U.S. Pat. No. 4,391,377 discloses a transport container. The self-contained double tubular transport container of this patent suspends two cylinders between two end pieces, then allows for the double container to be mounted to another double container via welded T-frames. The containers are attached side by side and may lay completely horizontal, or vertical. The purpose of the assembly is to relive the stress on cylinders by suspending the cylinders during storage. This invention is inferior to that of the present invention in that the cylinders must be mounted and screwed into place in order for the entire assembly to be transportable, requiring additional time to prepare the entire assembly for transportation. In addition, no provision is made to attach the assembly to the means for transportation, or to anything else when the container might be stored. Lastly, this storage method does not efficiently use space, sacrificing such efficiency of use in favor of reducing stress on a cylinder.
The main object of the present invention is to provide a portable cylinder carrier arrangement for the secure transport and storage of fire extinguishers or cylindrical gas cylinders, allowing for the carrier to be easily moved from a mounted storage position to a mounted transport position.
Another object of the present invention is to provide a portable cylinder carrier arrangement which is easy to assemble, easy to mount, and easy to use.
Another object of the present invention is to provide a portable cylinder carrier arrangement that secures at least one cylinder to the base of a transport vehicle to prevent the cylinder from rolling around in the vehicle.
Another object of the present invention is to provide a portable cylinder carrier arrangement that may be used to orderly stack cylinders for storage while preventing sliding, or rolling of the cylinders.
Another object of the present invention is to provide a portable cylinder carrier arrangement which may be mounted, putting the cylinder filled carrier out of the way of people, and other objects which may cause damage to the cylinders, or create an accident by popping the valves of the cylinders.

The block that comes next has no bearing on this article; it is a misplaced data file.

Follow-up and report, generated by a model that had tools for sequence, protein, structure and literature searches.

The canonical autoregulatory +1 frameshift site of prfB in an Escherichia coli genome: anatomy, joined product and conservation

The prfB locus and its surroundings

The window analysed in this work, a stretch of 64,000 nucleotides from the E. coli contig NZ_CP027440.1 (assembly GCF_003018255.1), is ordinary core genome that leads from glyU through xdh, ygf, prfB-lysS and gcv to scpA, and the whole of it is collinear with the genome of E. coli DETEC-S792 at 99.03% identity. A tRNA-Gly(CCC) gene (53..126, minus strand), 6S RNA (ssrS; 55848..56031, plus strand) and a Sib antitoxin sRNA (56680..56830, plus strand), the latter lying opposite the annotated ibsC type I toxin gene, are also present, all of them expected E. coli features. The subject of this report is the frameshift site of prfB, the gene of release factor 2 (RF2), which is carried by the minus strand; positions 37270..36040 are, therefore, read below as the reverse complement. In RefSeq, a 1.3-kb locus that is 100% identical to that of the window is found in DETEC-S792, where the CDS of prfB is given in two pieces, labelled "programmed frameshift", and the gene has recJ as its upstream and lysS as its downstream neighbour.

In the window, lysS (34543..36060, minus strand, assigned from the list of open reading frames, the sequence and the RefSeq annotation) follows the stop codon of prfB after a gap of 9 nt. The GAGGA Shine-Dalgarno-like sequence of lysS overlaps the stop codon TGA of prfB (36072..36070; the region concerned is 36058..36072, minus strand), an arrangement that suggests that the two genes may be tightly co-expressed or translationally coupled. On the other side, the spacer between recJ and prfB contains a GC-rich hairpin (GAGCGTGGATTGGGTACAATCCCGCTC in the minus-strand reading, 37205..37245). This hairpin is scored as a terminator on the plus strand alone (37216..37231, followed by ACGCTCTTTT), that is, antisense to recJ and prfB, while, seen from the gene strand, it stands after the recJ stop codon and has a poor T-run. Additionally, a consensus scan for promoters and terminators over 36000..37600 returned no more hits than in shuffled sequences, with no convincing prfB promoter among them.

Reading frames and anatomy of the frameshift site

In order to accomplish the above objects, the present invention provides a portable cylinder carrier arrangement for safely storing and transporting at least one gas cylinder. The portable cylinder carrier comprises a storing apparatus affixed on a storage surface; a carrier seat having at least one receiving chamber therein for holding a gas cylinder; a restraining means for securing said gas cylinder in the receiving chamber of the carrier seat; and a securing means for securing the carrier seat to the storing apparatus.
Accordingly, the present invention requires very little assembly. The invention does not contain an excessive number of parts. In addition, the present invention may be mounted without removal of the cylinders inside, thereby allowing greater stability when transporting, greater use of space when storing, and greater ease when moving the cylinders from place to place. One may simply pick up the container filled portable cylinder carrier from its storage place, and attach it to brackets located in the trunk of a vehicle or in the back of a pickup truck, or the back or side of a boat, etc., for quick and easy transport.
The portable cylinder carrier of the present invention is a low cost, detachable carrier that can be quickly mounted and removed from any transport vehicle, or storage location, without removing the cylinder or cylinders from the carrier. The cylinders themselves may also be placed into, or easily removed from the carrier without moving the carrier. Placement and removal is therefore faster and more efficient. The owner has the option of stacking the carriers, or mounting them for secure transport, or safe storage away from any children or other items. This product provides a long felt need in the market for a detachable, mountable portable cylinder carrier, usable by the average person without complicated construction or complicated directions for use.
FIG. 1 is an exploded perspective view of a portable cylinder carrier arrangement according to a preferred embodiment of the present invention.
FIG. 2 is rear perspective view of the portable cylinder carrier arrangement according to the above preferred embodiment of the present invention, showing the placement of the portable cylinder carrier arrangement installed on the flatbed of a truck.
FIG. 3 is a side view of the portable cylinder carrier arrangement according to the above preferred embodiment of the present invention.